}

            size--;

            return n.data;

        }

        prevNode = n;

        n = n.next;

        i++;

    }

}



@SuppressWarnings("unchecked")

public boolean remove(Object o) {

    SinglyLinkedListNode<E> n = list, prevNode = null;

    while (n != null) {

        if ((o == null

                ? (n.data == null)

                : (((E) o).equals(n.data)))) {

            if (n == list) //removing first node

            {

                list = list.next;

            } else {

                prevNode.next = n.next;

            }

            if (n == last) {

                last = prevNode;

            }

            size--;

            return true;

        }

        prevNode = n;

        n = n.next;

    }

    return false;

}



public int size() {

    return size;

}



public String toString() {

    String s = "((";

    SinglyLinkedListNode<E> t = list;

    if (t != null) {

        while (t.next != null) {

            s += t.data + ", ";

            t = t.next;

        }

        s += last.data;

    }

    return s + "))";

}
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14  
Is your friend your CS teacher? –  shoebox639 Nov 17 '10 at 19:59
5  
Is this homework? Why can't your "friend" post this question herself? –  MAK Nov 17 '10 at 20:01
    
@shoebox639 I wish I can upvote you again –  John Vint Nov 17 '10 at 20:12
    
Unrelated to the main question, but you should use StringBuffer if you're going to repeatedly concatenate to a character string. The String data type is immutable, and every time you use the + or += operators you generate a new string in memory (and the JVM has to garbage-collect the old one). Not good practice. :-) –  Platinum Azure Nov 17 '10 at 20:14
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5 Answers

up vote 1 down vote accepted

I don't understand the problem. If this is homework, you should say so -- community rules! A quick explanation, regardless:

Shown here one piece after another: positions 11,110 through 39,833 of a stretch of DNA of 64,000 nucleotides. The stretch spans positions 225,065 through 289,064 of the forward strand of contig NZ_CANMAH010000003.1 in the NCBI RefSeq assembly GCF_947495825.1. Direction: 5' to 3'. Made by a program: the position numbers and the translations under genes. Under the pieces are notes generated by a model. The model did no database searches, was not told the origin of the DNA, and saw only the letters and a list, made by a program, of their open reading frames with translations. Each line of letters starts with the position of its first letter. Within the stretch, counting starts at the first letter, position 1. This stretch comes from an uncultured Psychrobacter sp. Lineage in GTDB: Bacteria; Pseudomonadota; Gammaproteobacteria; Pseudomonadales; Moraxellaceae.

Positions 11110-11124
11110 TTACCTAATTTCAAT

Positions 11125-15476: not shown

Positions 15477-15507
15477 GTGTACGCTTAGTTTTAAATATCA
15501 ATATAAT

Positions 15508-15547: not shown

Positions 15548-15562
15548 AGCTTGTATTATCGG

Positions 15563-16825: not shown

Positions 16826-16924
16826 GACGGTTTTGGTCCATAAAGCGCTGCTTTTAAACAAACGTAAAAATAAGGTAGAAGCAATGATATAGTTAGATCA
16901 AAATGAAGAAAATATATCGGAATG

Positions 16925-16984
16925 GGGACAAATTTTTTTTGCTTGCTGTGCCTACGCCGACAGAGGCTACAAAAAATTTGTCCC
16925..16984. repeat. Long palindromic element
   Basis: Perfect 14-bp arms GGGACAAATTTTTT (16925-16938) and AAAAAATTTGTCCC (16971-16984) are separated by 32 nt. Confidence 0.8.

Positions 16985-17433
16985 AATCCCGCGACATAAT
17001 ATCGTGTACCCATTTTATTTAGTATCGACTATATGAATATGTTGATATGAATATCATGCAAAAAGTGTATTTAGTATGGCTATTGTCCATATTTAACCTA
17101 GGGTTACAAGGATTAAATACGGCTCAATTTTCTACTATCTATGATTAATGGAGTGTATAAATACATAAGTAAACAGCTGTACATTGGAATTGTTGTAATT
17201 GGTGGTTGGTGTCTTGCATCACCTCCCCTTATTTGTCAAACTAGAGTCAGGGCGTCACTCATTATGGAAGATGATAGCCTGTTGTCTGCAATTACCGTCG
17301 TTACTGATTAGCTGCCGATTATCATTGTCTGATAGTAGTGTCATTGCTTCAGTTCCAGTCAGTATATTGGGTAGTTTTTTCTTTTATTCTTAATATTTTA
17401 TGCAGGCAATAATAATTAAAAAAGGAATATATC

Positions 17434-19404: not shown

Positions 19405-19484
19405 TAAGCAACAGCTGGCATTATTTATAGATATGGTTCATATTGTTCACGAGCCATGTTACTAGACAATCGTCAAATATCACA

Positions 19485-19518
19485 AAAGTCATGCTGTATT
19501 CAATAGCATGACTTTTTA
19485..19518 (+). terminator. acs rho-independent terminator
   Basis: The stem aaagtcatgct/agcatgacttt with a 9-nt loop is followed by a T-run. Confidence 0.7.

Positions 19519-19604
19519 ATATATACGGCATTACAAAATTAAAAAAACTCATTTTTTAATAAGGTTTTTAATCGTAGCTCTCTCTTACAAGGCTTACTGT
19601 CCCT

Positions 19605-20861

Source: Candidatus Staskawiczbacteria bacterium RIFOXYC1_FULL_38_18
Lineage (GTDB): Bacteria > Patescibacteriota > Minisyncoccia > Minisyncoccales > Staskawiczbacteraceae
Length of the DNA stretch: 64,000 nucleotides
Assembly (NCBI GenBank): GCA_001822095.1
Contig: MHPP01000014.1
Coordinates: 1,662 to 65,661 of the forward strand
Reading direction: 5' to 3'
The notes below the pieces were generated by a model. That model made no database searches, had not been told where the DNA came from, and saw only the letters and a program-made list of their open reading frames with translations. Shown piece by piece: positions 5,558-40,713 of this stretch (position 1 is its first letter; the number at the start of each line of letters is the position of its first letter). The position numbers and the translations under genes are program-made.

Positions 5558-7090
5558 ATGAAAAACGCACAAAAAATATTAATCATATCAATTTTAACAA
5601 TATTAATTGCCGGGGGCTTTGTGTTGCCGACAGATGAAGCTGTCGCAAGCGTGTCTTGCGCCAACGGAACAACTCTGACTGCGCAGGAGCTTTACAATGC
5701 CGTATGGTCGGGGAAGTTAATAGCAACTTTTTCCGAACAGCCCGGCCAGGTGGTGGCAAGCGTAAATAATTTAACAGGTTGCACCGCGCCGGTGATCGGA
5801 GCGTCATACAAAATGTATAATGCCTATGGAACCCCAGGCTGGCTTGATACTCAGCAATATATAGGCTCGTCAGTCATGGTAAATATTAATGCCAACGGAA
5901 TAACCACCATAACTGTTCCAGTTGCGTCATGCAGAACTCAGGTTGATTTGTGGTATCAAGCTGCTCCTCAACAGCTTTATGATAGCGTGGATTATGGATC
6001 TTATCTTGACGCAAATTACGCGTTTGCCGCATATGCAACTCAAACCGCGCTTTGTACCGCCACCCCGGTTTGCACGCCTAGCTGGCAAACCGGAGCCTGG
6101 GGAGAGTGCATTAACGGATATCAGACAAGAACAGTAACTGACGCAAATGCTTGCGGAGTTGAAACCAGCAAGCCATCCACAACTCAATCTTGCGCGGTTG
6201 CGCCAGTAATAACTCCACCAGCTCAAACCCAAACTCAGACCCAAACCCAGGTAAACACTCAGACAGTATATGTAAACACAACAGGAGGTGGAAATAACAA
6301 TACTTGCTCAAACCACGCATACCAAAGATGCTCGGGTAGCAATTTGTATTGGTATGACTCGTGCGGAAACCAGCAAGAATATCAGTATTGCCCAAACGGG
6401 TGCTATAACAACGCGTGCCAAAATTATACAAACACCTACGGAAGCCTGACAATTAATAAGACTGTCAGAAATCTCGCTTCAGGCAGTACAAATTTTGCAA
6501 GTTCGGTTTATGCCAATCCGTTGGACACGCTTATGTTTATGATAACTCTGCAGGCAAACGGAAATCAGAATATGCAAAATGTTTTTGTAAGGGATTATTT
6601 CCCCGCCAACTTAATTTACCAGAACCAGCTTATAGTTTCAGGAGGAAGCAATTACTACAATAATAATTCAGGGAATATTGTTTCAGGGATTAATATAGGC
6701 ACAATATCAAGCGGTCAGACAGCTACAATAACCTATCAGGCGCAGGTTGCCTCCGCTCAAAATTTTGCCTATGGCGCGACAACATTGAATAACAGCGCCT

A linked list is a structure with the following,... well, structure:

DATA                      |--> DATA
REFERENCE TO NEXT ITEM ---|    REFERENCE TO NEXT ITEM ---...

Each "link" in the "chain" contains some data, and a way to locate the next item in the chain. That's a singly linked list, as you said.

A doubly linked list is a very similar structure, only each link in the chain contains both a way of locating the next item, and a way of locating the previous item. If you need to be able to walk the list both ways, you'll need this kind of structure.

|-> DATA                      |--> DATA
|   REFERENCE TO NEXT ITEM ---|    REFERENCE TO NEXT ITEM ---...
---------------------------------- REFERENCE TO PREV ITEM

Ooookay the "drawings" are hideous. You can look up what a doubly linked list is with a Google query and get better information, on second thought, but oh well.

share|improve this answer
    
Actually, apparently the homework tag is now discouraged officially (at least that's what someone told me). The official recommendation is to openly admit that it's homework, but to avoid 'meta' tags (that have nothing to do with the content of the question). –  Christopher Pfohl Nov 17 '10 at 20:05
    
Oh, look at that! Edited, thanks. Good to know. –  uʍop ǝpısdn Nov 17 '10 at 20:09
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Take a look at this other question on SO. It should help you to better understand the doubly linked list.

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Each node needs a next as well as a previous placeholder for it to be a doubly linked list.

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LinkedList in Java is a doubly-linked list. Why would you want to create one by yourself?

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sounds like homework. This will get you started.

http://en.wikipedia.org/wiki/Doubly_linked_list

basically, in a singly linked list each node has a pointer to the next node. In a doubly linked list there are pointers to both next and previous. Beware how the pointers work at the beginning and the end of the list.